To speak, or not to speak: professionally

Published on
July 10, 2020
Time to read: 
Chantel Fraser speaking at workshop
Image of Chantal Fraser, speaking at the Canadian Forces Base Kingston International Women's Day event in March 2013.

​I’ve enjoyed speaking in front of groups for as long as I can remember. As a child in grade school, I used to tell my playmates the story of what we were playing that day, and then assign everyone a role.  I even occasionally assigned speaking parts (forgive me, little sister).

When I started my business, I knew I wanted to be a professional speaker. I also knew I wasn’t keen on traveling, as I had 3 relatively young offspring at the time and I wanted to be present in their lives.

In 2014, I realized that I could deliver talks and training sessions online, in a webinar format. I happily concentrated most of my efforts on delivering online sessions, occasionally traveling to speak live to audiences in Ontario and Quebec.

This week I saw a post from Deanna Burgart, Professional Speaker | Trainer | Indigeneer, wondering what her social media followers thought of the idea of offering one of her popular talks as a webinar to raise funds for the IndigeSTEAM project near and dear to her heart. Deanna’s question and the discussion it generated inspired this week’s blog.

My answer summed up in 3 words was “go for it!”  While many people are providing free online content during the pandemic, they also offer pay per view content.

Getting paid to speak comes down to knowing who your audiences are, being able to let your audiences know what you offer and making it easy for them to pay for your talks.

When I started out on the adventure of becoming a professional speaker, I did what I always do when I want to learn something. As a voracious reader, I purchased a number of books about professional speaking and followed successful speakers on social media.

Along the way, I’ve met speakers at events and asked them for advice. I’ve also met other aspiring professional speakers, and shared what I’d learned to date. Why? Because I believe in sharing what I’ve learned to help others thrive.

I asked Deanna if she was willing to share a professional speaking tip with for this blog, she said “Your value is much more than your hourly rate to prepare and deliver a talk. When you are setting your fees, remember they are hiring you for years of wisdom and experience in your subject matter.”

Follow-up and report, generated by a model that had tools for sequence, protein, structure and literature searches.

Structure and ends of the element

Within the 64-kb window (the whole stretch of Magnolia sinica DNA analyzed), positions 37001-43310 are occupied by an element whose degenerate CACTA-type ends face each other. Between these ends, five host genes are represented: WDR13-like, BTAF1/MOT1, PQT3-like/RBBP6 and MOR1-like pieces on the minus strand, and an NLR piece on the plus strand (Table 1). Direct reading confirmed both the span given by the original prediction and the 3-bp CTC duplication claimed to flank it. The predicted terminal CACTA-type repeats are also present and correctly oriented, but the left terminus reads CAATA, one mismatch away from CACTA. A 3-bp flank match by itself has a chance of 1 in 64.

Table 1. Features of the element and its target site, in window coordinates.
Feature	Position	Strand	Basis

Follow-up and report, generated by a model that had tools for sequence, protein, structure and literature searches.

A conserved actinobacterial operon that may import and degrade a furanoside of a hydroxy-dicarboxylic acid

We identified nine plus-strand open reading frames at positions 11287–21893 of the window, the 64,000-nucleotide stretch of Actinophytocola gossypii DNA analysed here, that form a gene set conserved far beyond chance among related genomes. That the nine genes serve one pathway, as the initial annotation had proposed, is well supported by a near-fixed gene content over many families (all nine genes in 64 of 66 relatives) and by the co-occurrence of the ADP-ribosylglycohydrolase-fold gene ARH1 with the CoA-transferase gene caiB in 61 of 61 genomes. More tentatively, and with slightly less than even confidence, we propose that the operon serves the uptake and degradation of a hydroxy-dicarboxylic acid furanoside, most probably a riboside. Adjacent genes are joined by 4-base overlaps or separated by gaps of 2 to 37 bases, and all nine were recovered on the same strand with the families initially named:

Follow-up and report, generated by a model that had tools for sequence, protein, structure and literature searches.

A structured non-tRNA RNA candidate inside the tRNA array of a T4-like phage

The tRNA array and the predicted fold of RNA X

Many people don’t realize that their knowledge and skills are of value to others, and that they can charge people to attend their talks, even if the talks take place online. For perspective, one of my professional associations, the Human Resources Professionals Association (HRPA) has offered the majority of our webinar content free to HRPA members since mid March 2020. HRPA charges non-members a fee to attend the webinars.

One way to find the right markets (audiences) and then get the word out (marketing) is to form strategic alliances with organizations that are willing to pay you to deliver your knowledge, to their audiences. They may also market your talks, so that all you have to do is show up and share your knowledge, then get paid. I’m honoured to work closely with two Canadian companies that help me share my knowledge with their audiences - Indigenous Link and MentorCity.

Early in 2021, I’ll be providing two sessions for the HRPA Annual Conference. One of my coaching clients, Matt Richardson is also providing two sessions at #HRPAAC. He’s been speaking to HRPA audiences, for pay, since September 2018. Every time he does a professional speaking gig, he picks up new clients for the other services he offers.

As a speaker and trainer, I get paid for the majority of the content I deliver, whether online or in person. I also choose to offer some content on a pro bono basis.

I know several other speakers, who have benefited from the opportunity to deliver webinars, for pay, as demand grew exponentially since mid March this year.  They are all working in strategic alliances.

That being said, every professional speaker I know also chooses to deliver some talks on a pro bono basis, to not for profits or other organizations in their communities.
I do pro bono talks because I consider it a small way to “pay it forward” for all those that have helped me. I can make this choice because I had the privilege of: growing up in a military family, gaining experience and marketable skills while serving in the military, and having a defined benefit military pension.

In answer to the implied question in the title “To speak, or not to speak: professionally?’ – go for it!  If you like sharing your knowledge with others, and are going to do it whether you’re paid or not, why not speak professionally and get paid at least some of the time?